Even if Stamey’s food was bad (and Lord knows it ain’t), I’d have to give them plenty of credit. The members of the Stamey family are legends of NC barbecue, and smart businessmen to boot. Their grand, lodge-style building right across the street from the Greensboro Coliseum, the site of dozens of ACC Tournaments over the past several decades, is evidence of that. What better place to sell barbecue, and to spread your reputation, than across the street from a huge arena that attracts hoardes of hungry hoops fans from across the state and beyond? The fact that the Coliseum opened six years after Stamey’s did shows either that the Stamey family was a bit lucky or they were really good businessmen.
C. Warner Stamey, the founder of Stamey’s and one of the godfathers of NC barbecue (heck, he even brought the hush Continue reading
Recently we received a message from Burgeoningfoodie, who shared this link to a short news report about a sexy mannequin helping sell barbecue in Cincinnati (rest assured, this is a CNN video so it is safe to open at work). Watching the video brought several questions to mind, none of which are particularly insightful but all of which I will share anyway:
- Would any North Carolina towns abide such a brazenly bold buxom barbecue display?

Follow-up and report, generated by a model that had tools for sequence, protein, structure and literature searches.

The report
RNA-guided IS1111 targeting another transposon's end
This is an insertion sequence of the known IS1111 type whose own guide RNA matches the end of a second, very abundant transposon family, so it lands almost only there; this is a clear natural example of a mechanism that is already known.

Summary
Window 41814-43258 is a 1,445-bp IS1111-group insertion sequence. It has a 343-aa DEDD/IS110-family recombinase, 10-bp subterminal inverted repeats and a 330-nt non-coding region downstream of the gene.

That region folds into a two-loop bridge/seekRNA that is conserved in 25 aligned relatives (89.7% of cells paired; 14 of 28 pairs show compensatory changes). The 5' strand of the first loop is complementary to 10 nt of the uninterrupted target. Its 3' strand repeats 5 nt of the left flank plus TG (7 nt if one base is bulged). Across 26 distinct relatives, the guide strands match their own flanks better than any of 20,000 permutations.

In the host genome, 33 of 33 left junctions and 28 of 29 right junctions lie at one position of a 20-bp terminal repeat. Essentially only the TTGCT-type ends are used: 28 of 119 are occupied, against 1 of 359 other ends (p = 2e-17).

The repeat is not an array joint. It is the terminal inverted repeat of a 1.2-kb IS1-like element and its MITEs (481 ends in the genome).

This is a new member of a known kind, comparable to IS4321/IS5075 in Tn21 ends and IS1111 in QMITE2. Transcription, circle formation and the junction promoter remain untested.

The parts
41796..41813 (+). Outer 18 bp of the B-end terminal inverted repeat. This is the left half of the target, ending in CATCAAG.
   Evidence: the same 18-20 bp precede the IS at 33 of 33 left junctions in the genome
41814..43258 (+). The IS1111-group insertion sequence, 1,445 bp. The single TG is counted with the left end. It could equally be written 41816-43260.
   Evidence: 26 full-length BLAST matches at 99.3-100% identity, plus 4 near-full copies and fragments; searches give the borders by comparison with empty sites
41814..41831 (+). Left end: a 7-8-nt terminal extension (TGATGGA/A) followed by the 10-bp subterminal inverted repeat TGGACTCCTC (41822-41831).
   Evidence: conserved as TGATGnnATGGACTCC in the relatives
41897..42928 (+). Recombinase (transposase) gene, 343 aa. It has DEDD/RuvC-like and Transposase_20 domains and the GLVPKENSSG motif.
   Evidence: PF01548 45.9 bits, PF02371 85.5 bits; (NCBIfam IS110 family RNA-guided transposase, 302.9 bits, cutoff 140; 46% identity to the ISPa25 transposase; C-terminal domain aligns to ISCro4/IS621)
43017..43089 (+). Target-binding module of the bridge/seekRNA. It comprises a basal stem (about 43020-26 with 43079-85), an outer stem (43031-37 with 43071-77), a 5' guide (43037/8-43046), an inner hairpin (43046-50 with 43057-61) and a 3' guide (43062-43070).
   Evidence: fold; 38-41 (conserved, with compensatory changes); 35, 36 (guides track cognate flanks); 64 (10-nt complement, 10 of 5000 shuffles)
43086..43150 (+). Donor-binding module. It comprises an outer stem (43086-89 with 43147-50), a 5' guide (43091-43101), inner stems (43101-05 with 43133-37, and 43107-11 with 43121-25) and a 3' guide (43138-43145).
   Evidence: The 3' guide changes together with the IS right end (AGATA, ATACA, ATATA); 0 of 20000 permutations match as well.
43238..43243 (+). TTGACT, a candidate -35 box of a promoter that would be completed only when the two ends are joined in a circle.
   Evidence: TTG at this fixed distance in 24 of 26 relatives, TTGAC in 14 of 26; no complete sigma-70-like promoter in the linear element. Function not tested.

- Do the good people of Cincinnati have a difficult time distinguishing between mannequins and real people? The video indicates that passersby have been fooled into believing Bar-Be Q is a real woman.
- Did the restaurant owner consider finding a “sexy” anthropomorphic pig-woman to advertise his restaurant? And would that be more or less disturbing than his current approach?
- Are there any examples of sex being used to sell barbecue in NC?
- Can we trust the people of Cincinnati–a city known for its bizarre, cinnamon-chocolate-chili–to judge good barbecue ?
- Finally, why does Greensboro, NC–a City located in the heart of Lexington-style barbecue country–have a Cincinnati style chili restaurant but no barbecue joints downtown? And should we put a sexy mannequin outside as a form of retribution?
4012 W Wendover Ave, Greensboro, NC
BBQ Jew’s Grade: B
Porky Says: “Good enough to make you dance.”
Barbecue Clubs and Gentleman’s Joints
Country Barbeque is the only barbecue joint I know of that is located immediately adjacent to a strip club. (See the Google Maps street view–note that what look like large stained glass windows on the strip club are actually fake, which is probably consistent with what lies inside the club.) Luckily, Country Barbeque’s naughty neighbor is not the main reason to visit.
Electric Table Dance
The food that the friendly, efficient wait staff at Country Barbeque bring to the table is quite good. The joint serves moist, tasty barbecue that is chopped to an ideal consistency—not too fine and not too chunky. The dip that accompanies the ’cue is an excellent, sharply vinegared dark brown mixture that is reminiscent of the dip served at Lexington #1. The red barbecue slaw that accompanied my ‘cue was good, although a little bit sweet for my taste. The hush puppies were only mediocre, as they were small and somewhat overcooked. I had a better than average piece of homemade peach cobbler for dessert.
Now understand that I say all these positive things about the pork served at Country Barbeque knowing full well that they do not cook it over wood coals. Continue reading